‘Hate Has No Home Here’ Sign Causes Controversy at Orchard Green

by Dave Emke August 2, 2017 at 10:15 am 336 Comments

Signs claiming “Hate Has No Home Here” have popped up around the community, but one has caused controversy at the Orchard Green Cluster.

Rikki Epstein, of the 11400 block of Orchard Green Court, went before a panel of Reston’s Design Review Board on Tuesday evening to appeal a ruling by her cluster association that her 24-by-18-inch sign was not appropriate for display in her yard.

Dan Pennington, president of the Orchard Green Cluster Association, provided an official written statement as an affected party in the case, saying the sign should not be permitted “based on the clear definitions of Political Signs and what is permitted under RA rules.”

[Epstein] is applying to have a Political Sign displayed on her property. The nature of the impasse is her belief that it is a general sign and not a political one.

As the cluster board we reviewed this issue at our most recent board meeting in June. We voted to request its removal under the general RA Signs rules.

The resident in question also confirmed that this sign was given to her by the Democratic Party at one of the Reston Farmer’s Market this year.

A cursory review of the sign’s web site and underlying organization clearly reveals a political bias despite lip service to the contrary.

The DRB panel denied Epstein’s request to overrule the cluster association and allow placement of the sign, she said, on the basis of its size. Reston Association’s rules for small yard signs say they must be no bigger than one square foot in size to be displayed without a permit. The size of Epstein’s sign is the standard size distributed by the Hate Has No Home Here project.

Temporary political signs, up to 2-by-3 feet, are allowed by RA to be displayed in support of candidates or ballot issues, but must be removed “no later than one week after announcement of election results.” Epstein contends her sign is “clearly not a political sign,” but rather “promotes just and inclusive communities.” She says she intends to appeal the decision to the full Design Review Board for review and consideration, and she will be obtaining a one-square-foot version of the sign to display in the meantime.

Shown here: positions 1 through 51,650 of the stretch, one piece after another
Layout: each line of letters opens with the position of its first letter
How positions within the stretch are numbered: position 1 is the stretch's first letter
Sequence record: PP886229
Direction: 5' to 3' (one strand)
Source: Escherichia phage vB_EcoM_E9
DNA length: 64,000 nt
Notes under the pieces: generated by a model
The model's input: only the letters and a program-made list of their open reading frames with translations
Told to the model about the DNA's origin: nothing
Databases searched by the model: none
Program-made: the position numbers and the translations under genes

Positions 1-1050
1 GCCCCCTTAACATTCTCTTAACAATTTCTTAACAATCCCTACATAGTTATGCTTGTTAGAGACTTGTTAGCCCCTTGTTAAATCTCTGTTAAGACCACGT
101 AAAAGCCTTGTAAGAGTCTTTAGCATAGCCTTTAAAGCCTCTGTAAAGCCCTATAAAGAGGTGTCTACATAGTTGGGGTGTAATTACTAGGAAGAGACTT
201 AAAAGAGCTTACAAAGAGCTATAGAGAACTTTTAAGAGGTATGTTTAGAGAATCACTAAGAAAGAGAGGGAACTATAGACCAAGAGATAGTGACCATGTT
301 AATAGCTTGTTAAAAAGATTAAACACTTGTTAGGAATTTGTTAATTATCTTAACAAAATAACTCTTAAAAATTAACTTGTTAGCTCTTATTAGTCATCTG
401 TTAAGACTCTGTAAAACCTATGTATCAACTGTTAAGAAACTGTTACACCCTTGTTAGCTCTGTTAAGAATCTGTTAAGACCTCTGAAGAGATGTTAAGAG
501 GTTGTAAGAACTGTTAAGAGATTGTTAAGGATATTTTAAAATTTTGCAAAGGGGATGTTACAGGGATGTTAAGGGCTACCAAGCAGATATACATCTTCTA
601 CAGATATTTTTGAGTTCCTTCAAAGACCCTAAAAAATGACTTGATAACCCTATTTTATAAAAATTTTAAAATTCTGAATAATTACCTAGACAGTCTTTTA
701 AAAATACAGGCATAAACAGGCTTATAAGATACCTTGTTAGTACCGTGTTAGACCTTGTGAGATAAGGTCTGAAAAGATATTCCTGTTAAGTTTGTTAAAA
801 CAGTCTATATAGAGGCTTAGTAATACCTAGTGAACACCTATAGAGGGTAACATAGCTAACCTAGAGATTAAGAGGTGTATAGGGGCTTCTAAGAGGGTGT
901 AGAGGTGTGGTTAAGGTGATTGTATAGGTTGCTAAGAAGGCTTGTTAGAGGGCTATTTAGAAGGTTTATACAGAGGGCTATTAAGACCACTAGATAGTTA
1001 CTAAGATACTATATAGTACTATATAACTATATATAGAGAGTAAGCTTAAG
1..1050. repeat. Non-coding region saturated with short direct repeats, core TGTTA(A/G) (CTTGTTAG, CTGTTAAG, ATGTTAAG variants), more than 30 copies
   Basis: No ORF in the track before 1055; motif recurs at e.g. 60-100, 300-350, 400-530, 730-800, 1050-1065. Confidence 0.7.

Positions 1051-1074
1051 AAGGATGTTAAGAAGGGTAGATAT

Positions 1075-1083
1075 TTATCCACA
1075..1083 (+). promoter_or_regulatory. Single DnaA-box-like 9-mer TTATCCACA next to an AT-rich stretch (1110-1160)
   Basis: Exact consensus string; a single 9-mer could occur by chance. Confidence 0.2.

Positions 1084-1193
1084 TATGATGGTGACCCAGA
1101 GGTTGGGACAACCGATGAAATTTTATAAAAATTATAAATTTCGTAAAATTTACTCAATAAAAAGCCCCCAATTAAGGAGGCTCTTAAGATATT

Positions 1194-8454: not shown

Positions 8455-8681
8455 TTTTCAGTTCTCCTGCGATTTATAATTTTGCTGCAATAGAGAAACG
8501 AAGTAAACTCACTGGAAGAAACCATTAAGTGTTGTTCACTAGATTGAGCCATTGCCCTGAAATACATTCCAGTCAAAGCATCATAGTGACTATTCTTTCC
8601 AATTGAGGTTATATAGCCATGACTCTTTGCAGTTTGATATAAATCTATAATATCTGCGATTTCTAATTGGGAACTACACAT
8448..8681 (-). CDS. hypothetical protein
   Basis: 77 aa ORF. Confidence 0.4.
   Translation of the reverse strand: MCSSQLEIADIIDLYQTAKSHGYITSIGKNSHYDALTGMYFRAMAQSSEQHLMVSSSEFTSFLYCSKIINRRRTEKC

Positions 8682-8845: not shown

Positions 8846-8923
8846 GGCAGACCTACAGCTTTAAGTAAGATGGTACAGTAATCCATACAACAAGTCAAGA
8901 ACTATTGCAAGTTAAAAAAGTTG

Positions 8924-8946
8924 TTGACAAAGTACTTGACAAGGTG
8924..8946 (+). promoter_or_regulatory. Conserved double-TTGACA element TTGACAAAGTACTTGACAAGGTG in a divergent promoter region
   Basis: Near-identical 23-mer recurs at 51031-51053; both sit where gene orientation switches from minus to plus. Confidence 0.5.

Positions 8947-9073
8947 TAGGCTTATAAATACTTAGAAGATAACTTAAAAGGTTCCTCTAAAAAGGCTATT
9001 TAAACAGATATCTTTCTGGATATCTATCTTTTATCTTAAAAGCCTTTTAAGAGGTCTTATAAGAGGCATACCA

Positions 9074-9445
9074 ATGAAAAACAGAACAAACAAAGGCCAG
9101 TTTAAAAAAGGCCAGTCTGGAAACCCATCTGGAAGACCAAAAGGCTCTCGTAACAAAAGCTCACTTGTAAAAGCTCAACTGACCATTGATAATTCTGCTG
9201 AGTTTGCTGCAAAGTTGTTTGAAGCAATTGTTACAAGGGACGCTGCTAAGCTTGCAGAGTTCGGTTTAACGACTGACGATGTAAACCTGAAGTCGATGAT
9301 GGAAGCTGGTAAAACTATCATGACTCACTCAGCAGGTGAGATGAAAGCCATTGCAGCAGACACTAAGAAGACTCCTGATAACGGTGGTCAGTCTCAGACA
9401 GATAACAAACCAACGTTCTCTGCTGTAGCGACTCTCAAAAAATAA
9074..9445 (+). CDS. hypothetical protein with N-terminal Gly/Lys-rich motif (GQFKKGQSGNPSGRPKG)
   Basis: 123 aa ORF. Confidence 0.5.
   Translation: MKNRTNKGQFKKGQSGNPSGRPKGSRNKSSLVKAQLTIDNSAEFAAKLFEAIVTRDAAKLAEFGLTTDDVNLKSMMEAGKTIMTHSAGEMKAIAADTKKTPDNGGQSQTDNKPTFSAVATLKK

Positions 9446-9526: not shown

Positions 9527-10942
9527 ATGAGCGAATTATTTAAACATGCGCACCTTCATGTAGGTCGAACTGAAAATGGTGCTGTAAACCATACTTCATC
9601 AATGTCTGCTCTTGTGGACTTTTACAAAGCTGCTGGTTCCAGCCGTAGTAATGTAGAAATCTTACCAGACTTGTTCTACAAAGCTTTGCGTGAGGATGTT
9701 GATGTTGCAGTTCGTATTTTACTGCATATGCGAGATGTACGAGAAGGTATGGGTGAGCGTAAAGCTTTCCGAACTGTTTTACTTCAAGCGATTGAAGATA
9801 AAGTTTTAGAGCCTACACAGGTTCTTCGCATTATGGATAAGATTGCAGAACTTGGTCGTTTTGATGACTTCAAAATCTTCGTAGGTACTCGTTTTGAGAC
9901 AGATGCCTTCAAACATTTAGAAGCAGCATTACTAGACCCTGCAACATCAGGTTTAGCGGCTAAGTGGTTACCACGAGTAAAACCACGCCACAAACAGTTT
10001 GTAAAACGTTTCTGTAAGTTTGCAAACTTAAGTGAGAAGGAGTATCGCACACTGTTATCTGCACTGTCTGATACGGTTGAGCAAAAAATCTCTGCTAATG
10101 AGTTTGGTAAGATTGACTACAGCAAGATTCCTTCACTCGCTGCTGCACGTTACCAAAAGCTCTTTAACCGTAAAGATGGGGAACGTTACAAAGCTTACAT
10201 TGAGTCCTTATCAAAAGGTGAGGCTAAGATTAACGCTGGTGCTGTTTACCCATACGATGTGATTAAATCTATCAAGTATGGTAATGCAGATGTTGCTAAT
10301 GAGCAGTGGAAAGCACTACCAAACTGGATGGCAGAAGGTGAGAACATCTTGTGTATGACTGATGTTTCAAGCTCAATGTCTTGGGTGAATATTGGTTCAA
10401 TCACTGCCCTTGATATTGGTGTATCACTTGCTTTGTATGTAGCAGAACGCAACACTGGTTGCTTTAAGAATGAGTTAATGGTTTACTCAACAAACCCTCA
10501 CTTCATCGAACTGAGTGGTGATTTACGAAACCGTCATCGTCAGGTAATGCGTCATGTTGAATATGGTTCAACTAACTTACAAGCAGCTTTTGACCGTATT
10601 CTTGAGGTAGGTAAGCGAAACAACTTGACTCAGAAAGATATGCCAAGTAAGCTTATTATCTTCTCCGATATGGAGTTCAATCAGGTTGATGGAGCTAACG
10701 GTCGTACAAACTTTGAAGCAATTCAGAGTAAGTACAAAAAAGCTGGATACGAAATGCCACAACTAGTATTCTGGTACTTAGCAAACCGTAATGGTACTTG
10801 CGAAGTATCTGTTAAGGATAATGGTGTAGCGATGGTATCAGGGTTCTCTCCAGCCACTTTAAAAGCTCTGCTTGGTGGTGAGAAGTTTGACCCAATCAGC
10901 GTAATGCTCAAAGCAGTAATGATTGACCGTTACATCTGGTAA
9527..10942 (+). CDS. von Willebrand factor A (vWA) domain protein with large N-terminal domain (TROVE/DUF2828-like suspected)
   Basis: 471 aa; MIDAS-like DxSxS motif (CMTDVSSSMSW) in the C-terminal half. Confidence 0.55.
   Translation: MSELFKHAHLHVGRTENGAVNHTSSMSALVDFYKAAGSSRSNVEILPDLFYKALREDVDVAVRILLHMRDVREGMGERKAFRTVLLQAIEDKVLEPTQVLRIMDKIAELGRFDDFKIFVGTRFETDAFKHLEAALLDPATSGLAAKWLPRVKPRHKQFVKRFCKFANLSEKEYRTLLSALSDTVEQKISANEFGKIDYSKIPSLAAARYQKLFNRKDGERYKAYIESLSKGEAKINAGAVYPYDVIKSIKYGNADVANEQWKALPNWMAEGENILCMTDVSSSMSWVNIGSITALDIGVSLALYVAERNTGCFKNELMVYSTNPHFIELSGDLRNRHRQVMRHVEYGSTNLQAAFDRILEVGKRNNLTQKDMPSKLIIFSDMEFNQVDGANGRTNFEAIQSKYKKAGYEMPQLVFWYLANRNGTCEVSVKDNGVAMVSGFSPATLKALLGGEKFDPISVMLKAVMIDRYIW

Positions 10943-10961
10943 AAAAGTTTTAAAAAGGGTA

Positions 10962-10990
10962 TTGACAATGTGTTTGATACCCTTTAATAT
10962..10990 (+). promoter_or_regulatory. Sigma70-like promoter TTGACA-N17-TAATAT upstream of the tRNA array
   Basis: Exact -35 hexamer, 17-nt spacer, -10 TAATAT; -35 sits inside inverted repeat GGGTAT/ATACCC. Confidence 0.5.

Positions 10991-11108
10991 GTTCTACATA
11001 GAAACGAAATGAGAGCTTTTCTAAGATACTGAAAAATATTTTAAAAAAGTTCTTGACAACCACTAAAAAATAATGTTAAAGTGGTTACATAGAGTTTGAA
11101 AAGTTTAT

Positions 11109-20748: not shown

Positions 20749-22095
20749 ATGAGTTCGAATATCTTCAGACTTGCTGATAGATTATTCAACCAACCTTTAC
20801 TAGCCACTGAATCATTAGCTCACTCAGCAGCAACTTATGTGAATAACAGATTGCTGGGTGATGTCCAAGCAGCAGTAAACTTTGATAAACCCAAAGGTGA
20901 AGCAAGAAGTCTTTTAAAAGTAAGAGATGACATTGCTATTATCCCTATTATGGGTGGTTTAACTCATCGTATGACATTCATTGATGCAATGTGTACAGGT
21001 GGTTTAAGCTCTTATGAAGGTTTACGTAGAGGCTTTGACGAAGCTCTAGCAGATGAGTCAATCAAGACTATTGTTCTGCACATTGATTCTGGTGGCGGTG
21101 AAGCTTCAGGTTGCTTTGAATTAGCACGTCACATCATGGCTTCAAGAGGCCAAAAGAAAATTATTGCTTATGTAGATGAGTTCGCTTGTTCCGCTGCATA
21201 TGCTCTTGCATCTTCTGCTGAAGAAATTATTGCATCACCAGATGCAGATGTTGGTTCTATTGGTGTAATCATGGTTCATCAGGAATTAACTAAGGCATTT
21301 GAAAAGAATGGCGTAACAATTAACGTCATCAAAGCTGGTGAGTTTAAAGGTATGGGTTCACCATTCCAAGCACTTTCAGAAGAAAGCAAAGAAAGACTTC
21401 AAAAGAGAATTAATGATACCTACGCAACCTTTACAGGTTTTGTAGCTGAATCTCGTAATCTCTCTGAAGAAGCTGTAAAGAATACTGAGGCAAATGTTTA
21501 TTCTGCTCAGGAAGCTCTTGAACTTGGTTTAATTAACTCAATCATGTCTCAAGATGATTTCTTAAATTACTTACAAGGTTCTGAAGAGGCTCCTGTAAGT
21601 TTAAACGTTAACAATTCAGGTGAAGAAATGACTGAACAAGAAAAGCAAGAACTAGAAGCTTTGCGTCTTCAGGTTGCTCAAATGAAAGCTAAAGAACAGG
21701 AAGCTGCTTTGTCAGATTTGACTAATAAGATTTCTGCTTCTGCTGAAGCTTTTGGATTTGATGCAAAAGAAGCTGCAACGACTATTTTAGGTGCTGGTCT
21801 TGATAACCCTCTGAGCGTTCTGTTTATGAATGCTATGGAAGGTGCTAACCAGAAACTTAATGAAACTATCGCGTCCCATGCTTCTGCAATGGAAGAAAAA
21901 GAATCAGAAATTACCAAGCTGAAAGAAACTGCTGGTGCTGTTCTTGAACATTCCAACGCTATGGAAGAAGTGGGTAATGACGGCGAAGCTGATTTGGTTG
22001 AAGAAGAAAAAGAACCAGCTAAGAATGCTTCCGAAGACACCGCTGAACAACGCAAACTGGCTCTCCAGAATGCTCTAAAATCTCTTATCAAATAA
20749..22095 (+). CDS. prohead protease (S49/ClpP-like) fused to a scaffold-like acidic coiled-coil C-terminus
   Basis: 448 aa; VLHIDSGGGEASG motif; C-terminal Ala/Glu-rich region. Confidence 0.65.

In her official statement to the DRB panel, she said:

In Reston, the “Hate Has No Home Here” signs have been distributed at numerous locations including the Lake Anne Farmers Market, as well as at local businesses throughout our community and are available for any individual or group to download the artwork for free. In light of the recent tragic hate crime that occurred nearby, it is more important than ever that our community demonstrates our support for one another and ensures that everyone feels safe.

According to “Another Way of Living: The Story of Reston, VA,” a video project, our founder Robert Simon dreamed of “another way of living” that valued community, nature, diversity and social equity. This innovative American planner set out to build a new kind of walkable suburban community that integrated citizens across racial, economic and religious divides. I have to believe that Robert Simon would embrace the “Hate Has No Home Here” project.

“Today I feel disappointed to be a resident of Reston,” she said in an email.

Image via Hate Has No Home Here website

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